Four Keys to Emotionally Intelligent Trading

A worthwhile lens for viewing your trading processes is that of emotional intelligence.  The above graphic depicts four aspects of emotional intelligence that are central to trading:

1)  Self-awareness - Are you able to stand apart from yourself and observe your strengths and vulnerabilities in real time?  Emotional self-awareness means that you observe and understand your emotional responses to market situations, and don't automatically get caught up in those.  Self-awareness also means being fully grounded in one's "edges" as traders and not straying from those.

2)  Self-management - Are you able to channel your thoughts, emotional responses, and behaviors in a constructive manner?  Self-managing traders set goals that guide their activity through the day.  They also behave in a rule-governed manner, whether it is with respect to entry/exit execution or risk management.  Self-managing traders are ones who continuously review performance, learn from it, and place the lessons into subsequent practice.

3)  Social awareness - Are you able to read participation in the marketplace?  Can you pick up cues from volume, volatility, the co-movement of instruments and assets, and responses to news items that tell you whether buyers or sellers are dominant.  The socially aware trader is keenly attuned to market flows, digging beneath the surface to figure out who is in the market, what they're doing, and the price levels at which they're acting.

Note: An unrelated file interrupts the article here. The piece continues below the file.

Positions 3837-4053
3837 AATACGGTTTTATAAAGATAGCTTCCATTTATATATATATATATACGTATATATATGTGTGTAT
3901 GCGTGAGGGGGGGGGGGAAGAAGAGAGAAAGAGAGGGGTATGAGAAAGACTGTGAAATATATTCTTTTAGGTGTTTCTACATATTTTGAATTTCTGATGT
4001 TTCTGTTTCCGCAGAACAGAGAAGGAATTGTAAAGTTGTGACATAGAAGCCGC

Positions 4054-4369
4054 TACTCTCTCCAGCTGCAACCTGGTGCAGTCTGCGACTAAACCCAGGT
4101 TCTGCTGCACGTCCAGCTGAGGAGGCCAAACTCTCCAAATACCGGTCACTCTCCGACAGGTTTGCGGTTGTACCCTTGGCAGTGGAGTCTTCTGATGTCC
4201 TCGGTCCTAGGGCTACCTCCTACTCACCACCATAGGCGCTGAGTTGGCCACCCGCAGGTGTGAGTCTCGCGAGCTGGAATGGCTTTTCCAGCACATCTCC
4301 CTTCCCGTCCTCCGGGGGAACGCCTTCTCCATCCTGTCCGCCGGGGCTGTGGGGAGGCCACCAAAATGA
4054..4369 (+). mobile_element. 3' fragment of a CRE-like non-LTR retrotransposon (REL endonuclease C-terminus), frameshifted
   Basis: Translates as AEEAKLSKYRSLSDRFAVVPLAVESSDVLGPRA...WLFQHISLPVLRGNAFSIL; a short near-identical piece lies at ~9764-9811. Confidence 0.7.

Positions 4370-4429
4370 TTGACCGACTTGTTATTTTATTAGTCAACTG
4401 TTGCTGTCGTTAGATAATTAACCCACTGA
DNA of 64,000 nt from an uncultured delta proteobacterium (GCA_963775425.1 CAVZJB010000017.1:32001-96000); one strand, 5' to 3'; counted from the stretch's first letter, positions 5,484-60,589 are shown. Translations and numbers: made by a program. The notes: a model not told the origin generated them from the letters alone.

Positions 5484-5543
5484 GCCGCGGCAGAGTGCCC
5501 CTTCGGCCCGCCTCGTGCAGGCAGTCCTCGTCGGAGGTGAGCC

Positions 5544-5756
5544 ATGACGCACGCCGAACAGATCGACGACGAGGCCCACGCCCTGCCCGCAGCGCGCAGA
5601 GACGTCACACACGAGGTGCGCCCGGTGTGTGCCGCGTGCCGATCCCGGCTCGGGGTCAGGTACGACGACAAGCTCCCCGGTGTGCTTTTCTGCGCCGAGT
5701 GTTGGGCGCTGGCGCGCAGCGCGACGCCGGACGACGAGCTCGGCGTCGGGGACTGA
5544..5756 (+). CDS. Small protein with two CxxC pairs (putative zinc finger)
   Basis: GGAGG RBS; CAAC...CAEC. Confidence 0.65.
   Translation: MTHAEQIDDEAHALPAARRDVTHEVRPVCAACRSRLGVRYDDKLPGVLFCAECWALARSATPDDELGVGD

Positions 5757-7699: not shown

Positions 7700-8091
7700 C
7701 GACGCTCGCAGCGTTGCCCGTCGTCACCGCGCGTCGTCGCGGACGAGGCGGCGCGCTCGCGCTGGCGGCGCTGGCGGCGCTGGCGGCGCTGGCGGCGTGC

4)  Relationship management - Are you networking with others to make yourself better?  Successful trading is a team sport, even when the trading is solo.  There is simply too much information relevant to markets to process and stay on top of at all times.  Successful traders filter out noise--the conversations, emails, and messages that contain little value--but actively filter in colleagues who have valuable perspectives.  Very often, fresh inputs from those colleagues lead to fresh insights and trade ideas.  Beneath every great individual performance is a well-functioning team, either real or virtual.

How well are you managing yourself and your trading relationships?  How well are you sustaining a high level of awareness of yourself and of market participants?  It's not a far stretch to imagine giving yourself a daily report card simply on these four dimensions to ensure that you're trading in a truly emotionally intelligent fashion.  Very often, failing to monetize smart trading ideas is the result of a lack of emotional smarts.  The good news is that, with practice, we can learn to be emotionally smarter:  better at sustaining awareness and managing our resources.

Further Reading:  Social Intelligence and Trading

Tuesday, August 16, 2016

How to Deal With Losing Money--And Making It

I recently wrote about the greatest weakness displayed by losing traders.  Under conditions of drawdown, the winning trader becomes more grounded in his or her strengths.  The losing trader veers from those strengths.  

To successfully deal with a drawdown, you want to reacquaint yourself with your best trading:  focus on the best trades, double down on your best practices for preparing for the day and keeping yourself in the right mindset.  The great risk of drawdown is that the losses in trading create lost confidence and lead you to abandon what has worked.

Smart traders know that the same process needs to happen after winning periods in markets.  A string of winning days can lead to overconfidence and sloppiness.  It's when you're winning and feeling on top of the world that you once again want to double down on those best practices and best trades.

Losing money is not the only risk.  The greatest psychological risk traders face is losing perspective.  It's when you lose perspective that you want to rediscover the trader that you are.

Further Reading:  Self-Regulation and Trading Performance